Immigration to Israel was slightly down overall in the first five months of 2012, but figures from Western Europe were up, according to data released by the Jewish Agency this week. Between January 1 and the end of May, 5,961 Jews immigrated to Israel, seven percent less than in the same period last year.

More than half of the new immigrants hailed from the Former Soviet Union, and about 850 from Ethiopia. The US figures fell slightly — to 713 in Jan-May 2012, from 732 in the same period last year. Numbers from Western Europe jumped by 20 percent, with 994 new immigrants in the first five months of 2012, as opposed to 771 Jews in the comparable period in 2011.

Numbers from France were up by 13 percent in Jan-May compared to the same period last year, from 393 to 445, according to statistics released by the Agency on the occasion of its Board of Governors conference in Jerusalem this week. Numbers from Britain rose from 198 to 258; Italy from 17 to 54; Holland from 14 to 20, and Scandinavia from 10 to 20.

On Wednesday, the organization’s Arielle di Porto said the number of French Jews planning to make aliya had remained stable, despite the anxiety that followed a March 19 terror attack in Toulouse, during which a gunman killed four Jews, including three children. The number of anti-Semitic incidents sharply increased in the immediate aftermath of the attack but subsequently subsided, according to data compiled by the Paris-based Service for the Protection of the Jewish Community and the French Interior Ministry.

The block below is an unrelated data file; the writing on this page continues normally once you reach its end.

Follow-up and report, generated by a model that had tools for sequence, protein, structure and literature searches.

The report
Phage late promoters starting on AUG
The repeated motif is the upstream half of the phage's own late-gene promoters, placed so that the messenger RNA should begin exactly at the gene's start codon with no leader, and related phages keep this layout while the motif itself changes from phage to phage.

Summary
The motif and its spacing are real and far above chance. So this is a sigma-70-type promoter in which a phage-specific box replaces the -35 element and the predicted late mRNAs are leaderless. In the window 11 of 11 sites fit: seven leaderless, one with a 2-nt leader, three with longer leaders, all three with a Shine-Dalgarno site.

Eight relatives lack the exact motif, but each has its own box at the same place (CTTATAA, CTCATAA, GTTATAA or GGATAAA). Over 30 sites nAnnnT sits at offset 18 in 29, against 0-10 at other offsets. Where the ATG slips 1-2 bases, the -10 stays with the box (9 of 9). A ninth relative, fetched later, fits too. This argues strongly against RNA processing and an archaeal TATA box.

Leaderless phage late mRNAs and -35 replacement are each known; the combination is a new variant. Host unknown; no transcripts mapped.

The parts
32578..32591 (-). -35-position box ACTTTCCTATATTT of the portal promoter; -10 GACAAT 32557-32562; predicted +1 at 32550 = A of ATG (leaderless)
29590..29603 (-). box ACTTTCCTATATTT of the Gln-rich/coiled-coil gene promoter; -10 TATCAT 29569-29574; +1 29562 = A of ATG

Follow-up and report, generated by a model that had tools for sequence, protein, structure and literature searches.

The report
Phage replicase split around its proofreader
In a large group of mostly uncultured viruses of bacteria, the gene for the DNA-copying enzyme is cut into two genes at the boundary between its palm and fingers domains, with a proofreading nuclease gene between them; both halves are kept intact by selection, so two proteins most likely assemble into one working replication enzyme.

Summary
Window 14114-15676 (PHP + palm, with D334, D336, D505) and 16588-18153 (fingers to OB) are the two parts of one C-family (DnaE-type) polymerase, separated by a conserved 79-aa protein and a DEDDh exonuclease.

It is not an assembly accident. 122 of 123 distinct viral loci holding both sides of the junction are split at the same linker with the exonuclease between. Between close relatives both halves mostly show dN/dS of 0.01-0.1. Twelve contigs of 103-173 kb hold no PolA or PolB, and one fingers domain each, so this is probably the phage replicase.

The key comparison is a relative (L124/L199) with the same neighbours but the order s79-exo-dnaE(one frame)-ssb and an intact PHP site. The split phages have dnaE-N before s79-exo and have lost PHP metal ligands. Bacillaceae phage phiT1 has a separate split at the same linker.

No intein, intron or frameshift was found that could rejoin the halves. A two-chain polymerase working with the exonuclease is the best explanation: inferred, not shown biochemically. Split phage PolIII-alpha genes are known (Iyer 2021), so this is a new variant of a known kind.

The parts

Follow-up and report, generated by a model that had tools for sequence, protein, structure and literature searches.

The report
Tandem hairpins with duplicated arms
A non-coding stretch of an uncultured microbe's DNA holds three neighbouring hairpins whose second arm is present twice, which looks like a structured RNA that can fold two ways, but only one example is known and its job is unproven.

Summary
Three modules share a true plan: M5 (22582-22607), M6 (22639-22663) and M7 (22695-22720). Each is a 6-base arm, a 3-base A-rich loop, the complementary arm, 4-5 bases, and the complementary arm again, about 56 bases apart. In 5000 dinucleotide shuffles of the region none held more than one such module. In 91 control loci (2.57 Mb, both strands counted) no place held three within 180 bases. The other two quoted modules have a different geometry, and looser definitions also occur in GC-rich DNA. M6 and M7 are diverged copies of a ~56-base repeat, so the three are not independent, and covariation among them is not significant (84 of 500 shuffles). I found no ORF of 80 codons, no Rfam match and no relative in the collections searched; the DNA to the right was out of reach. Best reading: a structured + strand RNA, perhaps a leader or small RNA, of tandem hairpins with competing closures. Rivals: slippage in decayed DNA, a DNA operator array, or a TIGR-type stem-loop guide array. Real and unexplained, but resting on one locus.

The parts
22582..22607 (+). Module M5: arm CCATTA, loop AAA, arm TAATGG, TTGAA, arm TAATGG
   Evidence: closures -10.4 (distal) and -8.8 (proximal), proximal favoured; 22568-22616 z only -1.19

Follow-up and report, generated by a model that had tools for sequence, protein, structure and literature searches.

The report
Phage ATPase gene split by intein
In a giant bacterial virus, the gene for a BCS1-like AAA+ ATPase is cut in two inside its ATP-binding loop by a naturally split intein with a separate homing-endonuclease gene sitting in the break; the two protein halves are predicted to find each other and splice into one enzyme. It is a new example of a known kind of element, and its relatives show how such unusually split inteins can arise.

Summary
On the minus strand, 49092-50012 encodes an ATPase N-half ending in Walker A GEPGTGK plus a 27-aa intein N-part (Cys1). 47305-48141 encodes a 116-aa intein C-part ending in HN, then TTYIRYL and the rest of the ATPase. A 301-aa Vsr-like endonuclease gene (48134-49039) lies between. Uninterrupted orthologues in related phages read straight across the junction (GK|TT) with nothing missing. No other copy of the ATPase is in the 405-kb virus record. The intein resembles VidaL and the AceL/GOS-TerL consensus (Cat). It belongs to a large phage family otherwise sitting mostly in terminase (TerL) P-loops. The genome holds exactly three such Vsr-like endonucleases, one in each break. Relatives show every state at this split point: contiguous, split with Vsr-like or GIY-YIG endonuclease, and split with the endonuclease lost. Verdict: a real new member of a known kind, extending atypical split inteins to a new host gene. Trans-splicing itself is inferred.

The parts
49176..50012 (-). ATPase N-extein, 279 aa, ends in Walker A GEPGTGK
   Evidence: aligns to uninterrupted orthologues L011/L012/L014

“The Jews of France did not hysterically call the Jewish Agency after Toulouse,” di Porto said at a session of the Knesset Immigration, Absorption and Diaspora Affairs Committee. “Aliya from France is not an aliya of rescue, but one of choice. People come here because they want to live in Israel.”

Traditionally, most olim come during the summer months.